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    Strategic Initiatives Pay Off for Murphy USA

    Merchandise margins drive 2016 numbers.

    By Melissa Kress, Convenience Store News

    EL DORADO, Ark. — Nearly one year after revealing its strategy for succeeding in today's competitive market, Murphy USA Inc. is seeing its efforts pay off.

    "When we held this call one year ago we noted that we would see the impact of several improvement initiatives in 2016 results and I can proudly say we delivered these benefits to our shareholders, and there is more to come in 2017," Andrew Clyde, president and CEO, said during the company's earnings call on Thursday.

    The two most impactful initiatives were "the dramatic improvement" in merchandise margins — partially driven by a new supplier contract — and the roll out of Murphy USA's labor model, which "dramatically reduced store operating expenses," he explained, "each of which helped make our business more resilient during times of weakness and more competitive over the long term."

    Over all, Murphy USA's net income was $43.8 million, or $1.14 per diluted share in the fourth quarter of 2016 compared to $66.7 million of net income or $1.58 per diluted share in the fourth quarter of 2015. For the full year 2016, net income was $221.5 million, or $5.59 per diluted share compared to $176.3 million or $4.02 per diluted share in 2015.

    According to Clyde, the fourth quarter had its challenges but there were some key takeaways from 2016. Last year the company added 67 new stores for a roughly 5-percent unit growth. Murphy USA also continued to enhance its retail network through its raze-and-rebuild program, 120 super cooler installations and more than 300 refreshed sited.

    For growth in 2017, Murphy USA has "line of sight" for between 45 and 50 new stores along with 15 to 20 raze-and-rebuild projects, many of which are already underway, he added.

    In addition, the company managed an increase of 120 basis points to its merchandise margins. On $2.3 billion of sales, that equates to roughly $28 million of margin expansion vs. 2015, Clyde explained. 

    Also, through store-level efficiencies implemented in its labor model, the company drove down operating expenses — before credit card fees — by 4.1 percent on a per-store basis, he said, noting that this reduction in costs comes at a time when the industry is experiencing significant cost pressures.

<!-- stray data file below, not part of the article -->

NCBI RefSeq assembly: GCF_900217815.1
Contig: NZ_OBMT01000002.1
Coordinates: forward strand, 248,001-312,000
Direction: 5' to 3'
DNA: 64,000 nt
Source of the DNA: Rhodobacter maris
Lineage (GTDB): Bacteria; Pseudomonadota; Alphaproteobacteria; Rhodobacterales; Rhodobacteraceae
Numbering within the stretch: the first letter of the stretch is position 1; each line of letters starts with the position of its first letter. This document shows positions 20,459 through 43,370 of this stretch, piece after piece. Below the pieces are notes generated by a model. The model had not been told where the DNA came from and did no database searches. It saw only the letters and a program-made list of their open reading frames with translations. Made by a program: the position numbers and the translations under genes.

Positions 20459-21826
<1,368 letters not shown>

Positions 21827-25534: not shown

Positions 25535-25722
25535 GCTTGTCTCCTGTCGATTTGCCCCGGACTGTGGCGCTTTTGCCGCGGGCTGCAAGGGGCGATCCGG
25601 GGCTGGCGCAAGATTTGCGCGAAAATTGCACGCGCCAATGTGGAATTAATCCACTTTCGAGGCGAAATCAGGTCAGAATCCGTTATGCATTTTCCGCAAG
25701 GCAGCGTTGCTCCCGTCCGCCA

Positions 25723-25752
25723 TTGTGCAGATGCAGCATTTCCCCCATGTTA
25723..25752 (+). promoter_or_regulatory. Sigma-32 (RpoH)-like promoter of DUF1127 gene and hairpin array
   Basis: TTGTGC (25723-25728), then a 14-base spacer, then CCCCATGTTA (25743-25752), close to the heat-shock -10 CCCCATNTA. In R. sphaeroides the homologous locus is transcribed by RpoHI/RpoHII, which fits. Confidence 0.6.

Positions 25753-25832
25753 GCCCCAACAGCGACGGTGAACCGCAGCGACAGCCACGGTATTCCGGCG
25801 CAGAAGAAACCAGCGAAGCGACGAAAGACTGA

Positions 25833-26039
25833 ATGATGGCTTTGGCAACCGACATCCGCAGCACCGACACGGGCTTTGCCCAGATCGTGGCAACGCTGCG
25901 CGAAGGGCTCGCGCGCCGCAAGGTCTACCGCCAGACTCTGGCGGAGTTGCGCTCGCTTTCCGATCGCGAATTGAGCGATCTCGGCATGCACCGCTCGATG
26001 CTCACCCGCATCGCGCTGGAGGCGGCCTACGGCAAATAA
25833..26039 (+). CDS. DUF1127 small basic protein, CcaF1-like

"Taken together, these two initiatives provided nearly $40 million of benefits helping to offset fuel margins, which were more than a penny below the mid-point of our expectations of 12.75 cents per gallon," Clyde explained. "The best measure of these improvements to our business is the almost full penny per gallon reduction in our fuel breakeven margin metric. At 1.6 cents per gallon for 2016, we have improved our breakeven costs at more than 50 percent from 3.4 cents per gallon since the spinoff."

    That has strengthened the resiliency of the company and laid a solid foundation for long-term earnings growth, he added.

    When it comes to fuel, retail margins were weak, but Murphy USA was able to provide "relatively strong margins of 11.6 cents per gallon in an environment where gas prices rose about 80 cents per gallon from the low in February 2016 to the high at yearend," Clyde explained.

    "This margin resiliency in a down market is attributable to the discipline and structure around regional prices and other value-added initiatives around transportation and other costs," the chief executive said.

    Looking at merchandise sales and margins on an average per store monthly basis, merchandise sales were down 4.8 percent in the fourth quarter and 2.2 percent for the year. However, margins were 1.5 percent in the quarter and 5.7 percent for the year.  Also, non-tobacco margins were slightly down for the fourth quarter on a per-store basis. 

    "Beyond the tobacco category, we had suggested on our last call that we expected all-in margins to decline sequentially in the fourth quarter but reported results were a bit below our forecast due to a variety of one-time factors," Clyde said. "These include rebate timing, softer beverage sales, and write-offs of old e-cigarette inventories."

    According to Clyde, despite a challenging fourth quarter, Murphy USA is entering the new year with "a great deal of momentum and commitment" to continue sales and margin expansion by:

    • Adding more 1,200-square-foot stores to our network with a higher-margin assortment of non-tobacco products;
    • A restructured promotional program that will drive higher activations;
    • Accelerated super cooler installations that will optimize our facings for higher-margin beverages and increase our shelf rebates; 
    • Segmenting the product offer on a regional basis; and
    • Piloting a loyalty program later this year.

    "Together, this approach will drive higher conversion from the fuel pump to the store, improve basket size, and optimize price and margin with more tailored offers and assortment," Clyde explained.

    By Melissa Kress, Convenience Store News
    • About Melissa Kress Melissa Kress joined EnsembleIQ's Convenience Store News in November 2010. Her primary beats include alcoholic beverages and tobacco. Kress has been a professional journalist since 1995. A graduate of West Virginia University, she began her career in community journalism before moving to business-to-business publishing in 2000, covering commercial real estate.

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